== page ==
The peace Jesus pledges, notes a scholar, “is not a peace to be measured by outward circumstances but a peace within the disciples themselves, not the kind that depends on freedom from conflict, but the kind that remains constant when trouble comes.” The Savior’s tender charge to be fearless echoes the words of Hebrew prophets and military leaders over the centuries (see examples in Deuteronomy 1:21Joshua 8:1I Chronicles 28:20Isaiah 41:10).

from Section 3

9 | Psalms 46:1, 4, 5

God is our refuge and strength, a very present help in trouble. . . . There is a river, the streams whereof shall make glad the city of God, the holy place of the tabernacles of the most High. God is in the midst of her; she shall not be moved: God shall help her, and that right early.

Maha se, the Hebrew term rendered refuge, can signify hope as well. Joel 3:16 promises, “The Lord will be the hope [maha se] of his people, and the strength of the children of Israel.” 

As there is no river in Jerusalem, the river mentioned here is symbolic. A Bible authority calls it “a metaphor for the continual outpouring of the sustaining and refreshing blessings of God.”

Martin Luther, 16th-century German theologian and reformer, is known to have turned to Psalm 46 in periods of trouble, and he used it as the inspiration for his well-loved hymn “Ein’ feste Burg ist unser Gott” (“A Mighty Fortress Is Our God”).

11 | John 13:31

Jesus said, Now is the Son of man glorified, and God is glorified in him.

Jesus speaks these words immediately after Judas departs to betray him (see vv. 21–27). The Master is already aware of his impending passion (see v. 1). “Now” signals his acknowledgment that the final events leading to his crucifixion, resurrection, and ascension are set in motion—and that God’s glorification of His Son is confirmed.

from Section 4

13 | Matthew 10:1

When he had called unto him his twelve disciples, he gave them power against unclean spirits, to cast them out, and to heal all manner of sickness and all manner of disease.

Jesus’ closest followers are variously referred to in Scripture as disciples, apostles, or simply “the twelve.” The role of disciple (Greek, mathētēs) is one of learner or student. An apostle (apostolos) is a messenger or ambassador. In this verse, Matthew calls the twelve “disciples.” In the following verse, prior to recording their commission to preach and heal publicly, he designates them for the first and only time “apostles.”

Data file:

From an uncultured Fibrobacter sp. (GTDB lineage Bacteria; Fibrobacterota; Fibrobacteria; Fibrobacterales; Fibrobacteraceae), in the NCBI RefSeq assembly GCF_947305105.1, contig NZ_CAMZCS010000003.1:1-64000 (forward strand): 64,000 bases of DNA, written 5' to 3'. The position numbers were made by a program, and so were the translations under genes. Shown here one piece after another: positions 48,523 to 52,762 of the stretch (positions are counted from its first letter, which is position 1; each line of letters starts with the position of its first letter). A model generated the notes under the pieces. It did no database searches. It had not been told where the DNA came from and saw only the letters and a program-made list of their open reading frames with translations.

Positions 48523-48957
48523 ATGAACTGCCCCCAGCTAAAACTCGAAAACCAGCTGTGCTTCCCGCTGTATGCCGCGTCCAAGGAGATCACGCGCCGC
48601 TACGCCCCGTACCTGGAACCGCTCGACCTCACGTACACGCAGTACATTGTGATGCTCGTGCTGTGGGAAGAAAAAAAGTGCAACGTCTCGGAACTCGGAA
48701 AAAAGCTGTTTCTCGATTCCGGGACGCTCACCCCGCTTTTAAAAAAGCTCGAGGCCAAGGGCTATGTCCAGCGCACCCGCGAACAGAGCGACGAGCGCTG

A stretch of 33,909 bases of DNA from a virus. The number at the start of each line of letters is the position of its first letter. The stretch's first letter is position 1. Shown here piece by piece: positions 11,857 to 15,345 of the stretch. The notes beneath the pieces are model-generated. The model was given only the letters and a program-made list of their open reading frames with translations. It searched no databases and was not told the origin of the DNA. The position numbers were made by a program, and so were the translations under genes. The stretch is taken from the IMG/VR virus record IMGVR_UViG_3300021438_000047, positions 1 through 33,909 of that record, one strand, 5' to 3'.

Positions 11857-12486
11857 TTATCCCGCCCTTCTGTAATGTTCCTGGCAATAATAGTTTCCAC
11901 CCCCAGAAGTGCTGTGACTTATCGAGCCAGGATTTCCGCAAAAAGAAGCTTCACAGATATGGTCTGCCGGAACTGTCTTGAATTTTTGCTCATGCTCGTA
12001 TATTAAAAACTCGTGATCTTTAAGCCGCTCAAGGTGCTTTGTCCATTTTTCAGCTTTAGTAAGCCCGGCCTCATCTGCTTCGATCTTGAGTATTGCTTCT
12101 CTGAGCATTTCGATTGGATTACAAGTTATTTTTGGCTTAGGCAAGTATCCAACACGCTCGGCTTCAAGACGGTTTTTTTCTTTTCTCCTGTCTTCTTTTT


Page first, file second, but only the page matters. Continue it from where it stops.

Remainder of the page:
Many early Christians were known as disciples, and a few besides the twelve were termed apostles. Paul, for instance, introduces himself as “an apostle of Jesus Christ” (see example in I Corinthians 1:1).

from Section 6

15 | Matthew 5:14, 16

Ye are the light of the world. A city that is set on an hill cannot be hid. . . . Let your light so shine before men, that they may see your good works, and glorify your Father which is in heaven.

One source suggests: “The light of revelation from God that accompanies Jesus’ announcement of the kingdom is not just carried by his disciples; they are that light. . . . Their good works are produced by the light and life that come from God.”

16 | II Corinthians 1:3, 4

Blessed be God, even the Father of our Lord Jesus Christ, the Father of mercies, and the God of all comfort; who comforteth us in all our tribulation, that we may be able to comfort them which are in any trouble, by the comfort wherewith we ourselves are comforted of God.

Parakaleō, the Greek verb translated comfort, encompasses instruction, consolation, encouragement, and entreaty. In the Gospel of John, a related word—paraklētos, rendered Comforter—describes the Holy Spirit (see 14:16, 26, citation 8). Tribulation and trouble are translated from the term thlipsis, meaning pressure. It includes afflictions of all kinds as well as the distress and anguish that accompany them.

Expressing gratitude for God’s comfort in the great tribulation he has undergone (see vv. 8–10), Paul offers reassurance to the Christians in Corinth. And he makes clear that the Christly encouragement and comfort they have been given are intended to be shared with others.


Read a related article, “Mrs. Eddy’s inseparable relationship to Christian Science” by Joanne Shriver Leedom, at jsh.christianscience.com/inseparable-relationship.

Resources quoted in this issue

GT: NKJV Chronological Study Bible, New King James Version. S.l.: Thomas Nelson, 2021.

Cit. 1: Keck, Leander E., et al., eds. The New Interpreter’s Bible Commentary. Vol. 4, Ezra, Nehemiah, Introduction to Prophetic Literature, Isaiah, Jeremiah, Baruch, Letter of Jeremiah, Lamentations. Nashville: Abingdon, 2015.

Cit. 4: Keck, Leander E., et al., eds. The New Interpreter’s Bible Commentary. Vol. 8, Luke, John. Nashville: Abingdon, 2015.

Cit. 8: Michaels, J. Ramsey. New International Biblical Commentary—John. Peabody, MA: Hendrickson Publishers, 1984.

Cit. 9: Barker, Kenneth L., John H. Stek, Walter W. Wessel, and Ronald F. Youngblood. NIV Study Bible. Grand Rapids, MI: Zondervan, 2002.

Cit. 15: Wilkins, Michael J. Matthew: NIV Application Commentary: From Biblical Text ... to Contemporary Life. Grand Rapids, MI: Zondervan, 2004.